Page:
Remote-control vehicles at the luxury end are more like mini versions of real cars, with quality elements like titanium shocks, steel gears and leather seats. Retailers offer off-road vehicles, slick sports cars and speedboats, including several from high-end maker Traxxas which zoom at speeds up to 100 mph. ( www.trendtimes.com)


Once the sport of kings, falconry has developed a modern following in groups like The North American Falconers Association. Ken Hooke of Winnipeg, Manitoba, may be falconry's pre-eminent craftsman, making hoods for the sporting birds.

The hoods are placed over the birds' heads to calm them. Hooke makes them out of calf, goat, and exotic skins such as ostrich, iguana and red monitor lizard. ( http://www.bespokeglobal.com; www.falconryhoodsinternational.com)


Alexandra Llewellyn was introduced to backgammon by her Egyptian step-grandfather. It became a lifelong passion, and she now designs eye-catching sets with photographic images of pheasant feathers, antlers and vintage female portraits.

"Growing up in the country, I've collected pheasant feathers for years. The peacock feather design was inspired by the game's Persian roots, and the carnival and nude women evoke gambling and nightclubs in the 1920s," Llewellyn says.

She recently made a custom backgammon set that documented a couple's life together. "Their first date, where they lived and their nationalities inspired the artwork," she says. "The leather compartments were embossed with hand-written quotes from their love letters, and the playing pieces were engraved with the places they've traveled over the years."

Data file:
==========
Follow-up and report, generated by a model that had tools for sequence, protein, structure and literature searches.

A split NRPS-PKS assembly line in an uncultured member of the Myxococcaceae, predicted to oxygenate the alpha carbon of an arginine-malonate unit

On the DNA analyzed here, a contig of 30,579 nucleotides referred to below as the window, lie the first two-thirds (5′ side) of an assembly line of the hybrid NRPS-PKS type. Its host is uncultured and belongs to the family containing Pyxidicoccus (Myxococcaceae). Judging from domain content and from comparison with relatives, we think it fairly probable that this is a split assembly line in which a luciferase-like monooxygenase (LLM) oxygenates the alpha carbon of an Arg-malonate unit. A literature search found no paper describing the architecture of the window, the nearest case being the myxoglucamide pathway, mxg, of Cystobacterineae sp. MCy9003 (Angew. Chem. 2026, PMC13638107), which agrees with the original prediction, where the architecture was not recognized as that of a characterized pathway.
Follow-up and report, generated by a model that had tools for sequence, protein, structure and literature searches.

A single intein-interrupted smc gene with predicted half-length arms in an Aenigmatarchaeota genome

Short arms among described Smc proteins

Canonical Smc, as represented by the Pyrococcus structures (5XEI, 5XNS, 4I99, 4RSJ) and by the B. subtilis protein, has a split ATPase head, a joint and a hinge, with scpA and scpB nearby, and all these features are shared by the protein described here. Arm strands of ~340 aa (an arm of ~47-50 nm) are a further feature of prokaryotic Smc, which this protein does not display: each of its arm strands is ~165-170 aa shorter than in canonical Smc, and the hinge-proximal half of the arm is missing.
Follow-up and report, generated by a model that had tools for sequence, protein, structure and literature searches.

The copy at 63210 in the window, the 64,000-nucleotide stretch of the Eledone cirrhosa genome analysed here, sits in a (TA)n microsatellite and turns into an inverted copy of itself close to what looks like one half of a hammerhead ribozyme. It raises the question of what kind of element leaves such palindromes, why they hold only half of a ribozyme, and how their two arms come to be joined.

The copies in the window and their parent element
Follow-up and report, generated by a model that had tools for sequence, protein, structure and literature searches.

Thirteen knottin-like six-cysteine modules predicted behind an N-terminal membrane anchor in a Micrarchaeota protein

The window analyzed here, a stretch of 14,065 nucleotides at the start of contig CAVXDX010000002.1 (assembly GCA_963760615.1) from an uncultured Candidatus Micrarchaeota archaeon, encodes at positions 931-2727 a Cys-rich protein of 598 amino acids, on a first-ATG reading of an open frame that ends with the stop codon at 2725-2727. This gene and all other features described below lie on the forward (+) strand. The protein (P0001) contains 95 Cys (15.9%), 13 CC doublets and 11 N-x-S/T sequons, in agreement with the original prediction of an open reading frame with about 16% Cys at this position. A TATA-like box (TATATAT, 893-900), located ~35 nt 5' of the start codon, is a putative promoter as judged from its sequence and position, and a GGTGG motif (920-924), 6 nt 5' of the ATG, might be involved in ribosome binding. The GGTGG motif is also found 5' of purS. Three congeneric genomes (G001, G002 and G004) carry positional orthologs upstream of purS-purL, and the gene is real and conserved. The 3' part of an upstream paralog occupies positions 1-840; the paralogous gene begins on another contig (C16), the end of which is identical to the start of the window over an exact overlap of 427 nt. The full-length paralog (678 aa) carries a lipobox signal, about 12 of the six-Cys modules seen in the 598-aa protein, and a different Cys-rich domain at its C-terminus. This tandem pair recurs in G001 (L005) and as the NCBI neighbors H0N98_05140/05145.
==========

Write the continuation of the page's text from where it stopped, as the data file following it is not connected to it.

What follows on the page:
She also offers custom game pieces made of malachite, rock crystal, lapis lazuli, turquoise or jasper, encased in brass. ( www.alexandralldesign.com)

Hattrick backgammon sets, popular with professional players, are offered with white, blue, red or green leather playing fields, marbleized acrylic playing pieces and gold-plated case locks at www.zontikgames.com.

Chess fans know how dismaying it can be when an ongoing game gets jostled. Hammacher Schlemmer offers a wall-mounted board complete with acrylic shelves and rosewood and boxwood pieces that will keep the action safe for days or weeks. ( www.hammacher.com)

Foosball is for more than college pubs. High-end Italian game-table maker Teckell offers crystal, walnut and even 24-karat gold in their collection. ( www.teckell.com)

Billiard Toulet has designed the Lambert pool table, crafted of sleek stainless steel, with a top that slides on when play is over. A soundproofed ball return and tournament-grade cloth are part of the package, but you can add an LED light set as an option. ( www.quantum-play.com)

The makers of the chess set used by 1972 champions Boris Spassky and Bobby Fischer also make a range of other board games, including Scrabble, Monopoly, Trivial Pursuit and Risk. They'll create custom games using exotic leathers like alligator with stingray, nickel, gold or even diamond finishes. ( www.geoffreyparker.com)

And for armchair speed demons, consider Stock Car Racing Simulator, which puts you at realistic controls to zoom around one of 21 legendary courses, including the Daytona International Speedway. ( www.hammacher.com)

(Copyright 2013 The Associated Press. All rights reserved. This material may not be published, broadcast, rewritten or redistributed.)